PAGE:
Menopause marks several positive changes in a woman’s body: no more periods, no more monthly premenstrual symptoms. You can also engage in a healthy sex life without fear of unplanned pregnancy.
This time also introduces significant changes to the mind and body. Two particularly challenging symptoms are increased chance of weight gain and reduced ability to lose weight.
Read on for more about how menopause impacts weight loss and tips for managing unwanted weight gain.
How Menopause Affects Your Body Overall
Fortunately, menopausal women can achieve healthy weight management by knowing what to expect and adopting a few lifestyle changes.
- Perimenopause: As estrogen production slows, your body begins the menopause transition. Although some symptoms occur, you’re not considered a menopausal woman until you’ve gone twelve months without a period. The perimenopause phase may last years or more.
- Menopause: Many women reach menopause around age fifty-one, but it can happen decades earlier or later.
- Postmenopause: Postmenopausal women are more at risk for certain health conditions, like osteoporosis or cardiovascular disease. Many menopause symptoms dissipate as you reach a new normal.
Specific symptoms vary, including duration and intensity. Common physical and mental symptoms include the following:
Mental changes, including mild mood swings and depressive symptoms, come from shifts in hormone levels. Fortunately, women rarely develop serious depression without a prior history. Affected women should talk to their doctor about potential treatment options.
You may see changes in your focus and memory, and some women experience new or worsening psychological disorders or symptoms.
Hormone fluctuations have a domino effect on other parts of the body. Physical menopause symptoms might include
- night sweats
- hot flashes
- vaginal dryness or burning
- breast changes
- cold flashes
- low libido
- bladder urgency
- frequent urinary tract infections
- painful sex
- difficulty sleeping
- hair loss or thinning
- body aches
- changes in heart rate
- inability to lose abdominal fat
- weight gain
Several changes—including vaginal and bladder-related symptoms—could indicate a chronic medical condition called genitourinary syndrome of menopause.
What Causes Menopause Weight Gain?
Menopause occurs during an era of significant stressors in a woman’s life. You’re balancing a lot of responsibilities and changes, like busy workloads, raising a family, and caring for aging loved ones. When combined with menopausal symptoms, weight control problems are fairly normal.
As estrogen levels lower, you could see an increase in fat gain around your abdomen, hips, and thighs. As you lose muscle mass, your metabolism slows, making it harder to maintain or lower your weight without some lifestyle changes, like staying fit or eating less junk food.
One study found the average weight gain during perimenopause is about five pounds, though many women gain ten or more.
That said, weight gain is rarely linked to a sole cause. One report listed age, dietary fiber, fat, alcohol intake, and smoking habits as leading contributors to menopause weight gain. Other studies connect the body’s declining hormones with an increased appetite.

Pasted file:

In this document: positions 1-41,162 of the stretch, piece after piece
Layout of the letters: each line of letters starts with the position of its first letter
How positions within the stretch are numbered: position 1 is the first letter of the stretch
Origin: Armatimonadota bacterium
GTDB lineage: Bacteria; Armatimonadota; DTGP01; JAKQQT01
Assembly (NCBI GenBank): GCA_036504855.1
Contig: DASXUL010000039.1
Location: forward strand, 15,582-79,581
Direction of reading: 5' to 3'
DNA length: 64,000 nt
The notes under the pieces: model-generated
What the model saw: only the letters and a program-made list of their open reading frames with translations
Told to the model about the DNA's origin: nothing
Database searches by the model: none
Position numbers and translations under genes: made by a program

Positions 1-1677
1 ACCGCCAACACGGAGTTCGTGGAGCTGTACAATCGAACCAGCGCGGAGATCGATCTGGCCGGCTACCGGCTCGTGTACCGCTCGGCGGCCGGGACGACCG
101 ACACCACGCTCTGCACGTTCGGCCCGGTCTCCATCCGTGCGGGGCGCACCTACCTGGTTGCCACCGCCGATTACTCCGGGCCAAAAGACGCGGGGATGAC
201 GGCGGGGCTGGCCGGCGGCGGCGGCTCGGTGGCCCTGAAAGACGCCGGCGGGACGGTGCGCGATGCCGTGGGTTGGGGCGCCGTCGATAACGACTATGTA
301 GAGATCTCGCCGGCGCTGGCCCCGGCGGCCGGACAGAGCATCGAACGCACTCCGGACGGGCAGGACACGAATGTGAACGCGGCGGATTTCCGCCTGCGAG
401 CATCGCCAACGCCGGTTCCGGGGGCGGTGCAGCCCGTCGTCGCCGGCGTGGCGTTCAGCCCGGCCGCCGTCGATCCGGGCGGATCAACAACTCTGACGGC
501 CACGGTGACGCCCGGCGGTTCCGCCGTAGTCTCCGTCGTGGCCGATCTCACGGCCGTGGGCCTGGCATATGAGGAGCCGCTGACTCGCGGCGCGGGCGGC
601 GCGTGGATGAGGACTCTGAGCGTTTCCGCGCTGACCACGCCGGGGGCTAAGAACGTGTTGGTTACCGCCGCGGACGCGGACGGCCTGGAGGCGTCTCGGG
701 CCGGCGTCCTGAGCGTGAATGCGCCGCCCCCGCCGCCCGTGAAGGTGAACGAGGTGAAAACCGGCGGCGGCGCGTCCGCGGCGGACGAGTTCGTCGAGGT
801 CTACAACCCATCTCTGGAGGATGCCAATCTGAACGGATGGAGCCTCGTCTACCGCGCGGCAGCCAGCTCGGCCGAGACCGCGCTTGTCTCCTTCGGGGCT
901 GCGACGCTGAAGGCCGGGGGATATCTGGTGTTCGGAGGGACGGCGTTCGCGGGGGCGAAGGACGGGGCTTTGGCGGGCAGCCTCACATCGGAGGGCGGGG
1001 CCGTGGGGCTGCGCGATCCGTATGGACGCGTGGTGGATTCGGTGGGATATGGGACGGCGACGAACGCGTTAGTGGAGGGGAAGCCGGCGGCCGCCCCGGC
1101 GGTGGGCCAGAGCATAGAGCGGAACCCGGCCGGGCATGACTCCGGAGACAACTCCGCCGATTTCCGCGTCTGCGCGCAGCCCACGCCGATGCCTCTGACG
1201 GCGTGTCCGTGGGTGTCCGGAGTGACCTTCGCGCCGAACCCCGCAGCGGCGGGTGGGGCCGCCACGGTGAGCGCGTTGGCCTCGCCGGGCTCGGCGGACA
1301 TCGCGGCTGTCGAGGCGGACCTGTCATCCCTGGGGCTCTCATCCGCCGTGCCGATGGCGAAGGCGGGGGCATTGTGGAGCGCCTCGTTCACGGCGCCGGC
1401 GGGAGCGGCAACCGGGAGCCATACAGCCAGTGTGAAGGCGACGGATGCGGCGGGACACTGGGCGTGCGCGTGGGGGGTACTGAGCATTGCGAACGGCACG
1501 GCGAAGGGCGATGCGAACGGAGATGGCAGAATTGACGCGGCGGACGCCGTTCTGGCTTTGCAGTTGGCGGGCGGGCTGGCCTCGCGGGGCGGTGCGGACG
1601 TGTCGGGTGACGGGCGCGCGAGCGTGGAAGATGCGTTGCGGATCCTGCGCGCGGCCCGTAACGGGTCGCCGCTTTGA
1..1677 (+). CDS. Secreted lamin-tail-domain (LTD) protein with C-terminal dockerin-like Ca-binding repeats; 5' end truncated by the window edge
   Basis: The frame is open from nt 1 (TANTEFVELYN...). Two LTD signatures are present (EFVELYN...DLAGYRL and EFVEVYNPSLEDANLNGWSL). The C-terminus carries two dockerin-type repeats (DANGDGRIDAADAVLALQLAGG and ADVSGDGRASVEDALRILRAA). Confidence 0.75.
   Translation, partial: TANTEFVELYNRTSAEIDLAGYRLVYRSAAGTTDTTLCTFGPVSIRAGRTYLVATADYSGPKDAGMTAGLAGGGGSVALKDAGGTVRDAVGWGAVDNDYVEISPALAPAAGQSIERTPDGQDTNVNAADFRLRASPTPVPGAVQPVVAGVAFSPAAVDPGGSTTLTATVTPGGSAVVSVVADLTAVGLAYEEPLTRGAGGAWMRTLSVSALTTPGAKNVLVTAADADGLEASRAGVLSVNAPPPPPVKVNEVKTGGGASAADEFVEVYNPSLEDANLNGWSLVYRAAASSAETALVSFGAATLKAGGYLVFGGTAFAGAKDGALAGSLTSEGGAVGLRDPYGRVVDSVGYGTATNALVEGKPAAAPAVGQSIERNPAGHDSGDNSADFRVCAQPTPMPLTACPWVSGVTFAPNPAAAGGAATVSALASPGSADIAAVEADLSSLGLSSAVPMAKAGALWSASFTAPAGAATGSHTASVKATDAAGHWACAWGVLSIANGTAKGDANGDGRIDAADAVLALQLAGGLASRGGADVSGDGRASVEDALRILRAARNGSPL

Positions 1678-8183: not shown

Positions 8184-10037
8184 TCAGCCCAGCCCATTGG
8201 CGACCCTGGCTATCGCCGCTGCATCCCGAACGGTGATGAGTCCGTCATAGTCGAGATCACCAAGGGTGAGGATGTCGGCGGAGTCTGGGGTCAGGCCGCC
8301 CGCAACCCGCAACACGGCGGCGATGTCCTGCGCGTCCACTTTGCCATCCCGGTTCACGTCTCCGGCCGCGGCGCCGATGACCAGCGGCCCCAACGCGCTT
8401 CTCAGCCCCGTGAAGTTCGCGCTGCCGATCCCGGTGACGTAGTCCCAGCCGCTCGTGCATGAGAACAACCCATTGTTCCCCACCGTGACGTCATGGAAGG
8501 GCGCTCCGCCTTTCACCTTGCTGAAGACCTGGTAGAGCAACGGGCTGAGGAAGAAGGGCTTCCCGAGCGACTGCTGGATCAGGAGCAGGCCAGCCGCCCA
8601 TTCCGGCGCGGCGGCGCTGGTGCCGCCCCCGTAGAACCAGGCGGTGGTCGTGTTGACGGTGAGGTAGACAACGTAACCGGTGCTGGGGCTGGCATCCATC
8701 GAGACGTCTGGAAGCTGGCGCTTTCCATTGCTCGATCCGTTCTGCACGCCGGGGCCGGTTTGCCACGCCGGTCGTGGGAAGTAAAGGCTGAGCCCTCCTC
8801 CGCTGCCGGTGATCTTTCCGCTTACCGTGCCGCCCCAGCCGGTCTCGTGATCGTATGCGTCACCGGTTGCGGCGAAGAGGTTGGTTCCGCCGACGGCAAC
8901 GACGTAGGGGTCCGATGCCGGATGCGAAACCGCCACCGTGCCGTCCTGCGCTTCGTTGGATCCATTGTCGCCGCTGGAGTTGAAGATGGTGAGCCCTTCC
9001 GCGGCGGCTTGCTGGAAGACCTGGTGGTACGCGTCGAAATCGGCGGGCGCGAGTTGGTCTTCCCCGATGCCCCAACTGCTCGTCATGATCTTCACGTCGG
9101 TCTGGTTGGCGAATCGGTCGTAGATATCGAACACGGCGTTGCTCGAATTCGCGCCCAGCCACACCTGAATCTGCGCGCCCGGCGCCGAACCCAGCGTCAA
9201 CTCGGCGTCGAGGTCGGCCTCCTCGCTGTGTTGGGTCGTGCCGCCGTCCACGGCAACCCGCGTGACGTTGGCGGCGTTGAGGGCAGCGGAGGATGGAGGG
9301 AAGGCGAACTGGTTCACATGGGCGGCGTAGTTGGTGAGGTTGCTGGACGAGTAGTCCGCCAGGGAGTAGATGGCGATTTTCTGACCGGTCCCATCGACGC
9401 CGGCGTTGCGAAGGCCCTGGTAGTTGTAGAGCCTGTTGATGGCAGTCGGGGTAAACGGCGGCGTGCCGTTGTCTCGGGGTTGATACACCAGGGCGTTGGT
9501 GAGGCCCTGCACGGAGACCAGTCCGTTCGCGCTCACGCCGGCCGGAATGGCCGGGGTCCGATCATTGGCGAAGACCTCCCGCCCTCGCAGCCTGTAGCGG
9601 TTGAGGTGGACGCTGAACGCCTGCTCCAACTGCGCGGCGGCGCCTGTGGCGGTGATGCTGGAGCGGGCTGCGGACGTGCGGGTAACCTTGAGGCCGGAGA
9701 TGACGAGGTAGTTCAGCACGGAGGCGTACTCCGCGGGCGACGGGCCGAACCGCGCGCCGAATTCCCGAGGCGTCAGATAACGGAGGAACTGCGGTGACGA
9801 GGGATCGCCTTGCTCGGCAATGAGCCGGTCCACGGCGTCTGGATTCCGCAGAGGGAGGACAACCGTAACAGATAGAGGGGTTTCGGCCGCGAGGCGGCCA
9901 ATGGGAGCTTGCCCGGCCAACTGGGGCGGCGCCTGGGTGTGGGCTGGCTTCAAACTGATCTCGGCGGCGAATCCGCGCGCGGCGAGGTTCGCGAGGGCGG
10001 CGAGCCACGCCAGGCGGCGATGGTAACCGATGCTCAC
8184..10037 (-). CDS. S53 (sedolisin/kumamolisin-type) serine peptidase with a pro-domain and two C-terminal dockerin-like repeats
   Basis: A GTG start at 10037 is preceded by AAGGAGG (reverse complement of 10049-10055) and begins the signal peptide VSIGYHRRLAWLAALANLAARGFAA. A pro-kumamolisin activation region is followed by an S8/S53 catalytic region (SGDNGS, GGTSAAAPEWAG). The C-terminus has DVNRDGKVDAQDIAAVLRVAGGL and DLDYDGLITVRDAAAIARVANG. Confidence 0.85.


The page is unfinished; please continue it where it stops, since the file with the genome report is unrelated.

Health Risks Associated with Menopause Weight Gain
Your changing body composition during menopause could increase the risk of cardiovascular disease, and you might develop problems with blood sugar, like type 2 diabetes.
Weight gain and increased belly fat can worsen existing menopause symptoms, like hot flashes, poor sleep, and night sweats. Breathing problems, decreased mobility, joint pain, and increased risk of heart disease are also associated with excessive weight gain.
Lifestyle Changes That Positively Impact Weight Loss during Menopause
You can develop new routines to help your body overcome weight-related changes with the right weight loss tools and habits.
Incorporate More Physical Activity
Reaching and maintaining a healthy weight is easier with regular physical activity. Exercise can help you
- build muscle mass
- improve cardiovascular health
- get better-quality sleep
- have less stress
- keep joints strong
- increase endurance
- reach a calorie deficit
- improve balance
- build strength
Choose a sustainable fitness routine that makes you happy, and customize workouts to fit your body’s restrictions and target heart rate.
Focus on Nutrition
Good nutrition is essential—but don’t fall victim to common dieting myths. You can lose weight with calorie management, or consuming fewer calories than your body burns.
A healthy menopause diet means avoiding foods that worsen symptoms or increase health risks, like high-fat, high-sodium, or fried and processed foods, and focusing on positive nutrition changes to feel your best:
- Dairy to promote stronger, healthier bones
- Healthy fats for possible symptom reduction
- Whole grains for better cardiovascular health
- Adequate protein for your changing body and lifestyle
- Phytoestrogen-rich foods to help fluctuating hormone levels
Prioritize Quality Sleep
Regular high-quality sleep is an important part of boosting metabolism, and poor sleep is linked with slower metabolism and weight gain. Being tired impairs judgment and may lead to poor nutrition or feeling too tired to exercise.
Prioritize sleep by setting a regular schedule, avoiding stimulants and alcohol, and engaging in relaxing rituals to let your body know it’s time to wind down.
Seek Medical Help If Necessary
Many symptoms of menopause can cause discomfort, but talk to your doctor if you experience intense symptoms that affect your daily life. Treatment options may be available.
Some menopausal women consider hormone replacement therapy to manage symptoms. It’s also connected to a significant reduction in visceral fat. Although hormone therapy is controversial and associated with serious health risks, it could be the right approach for some symptoms.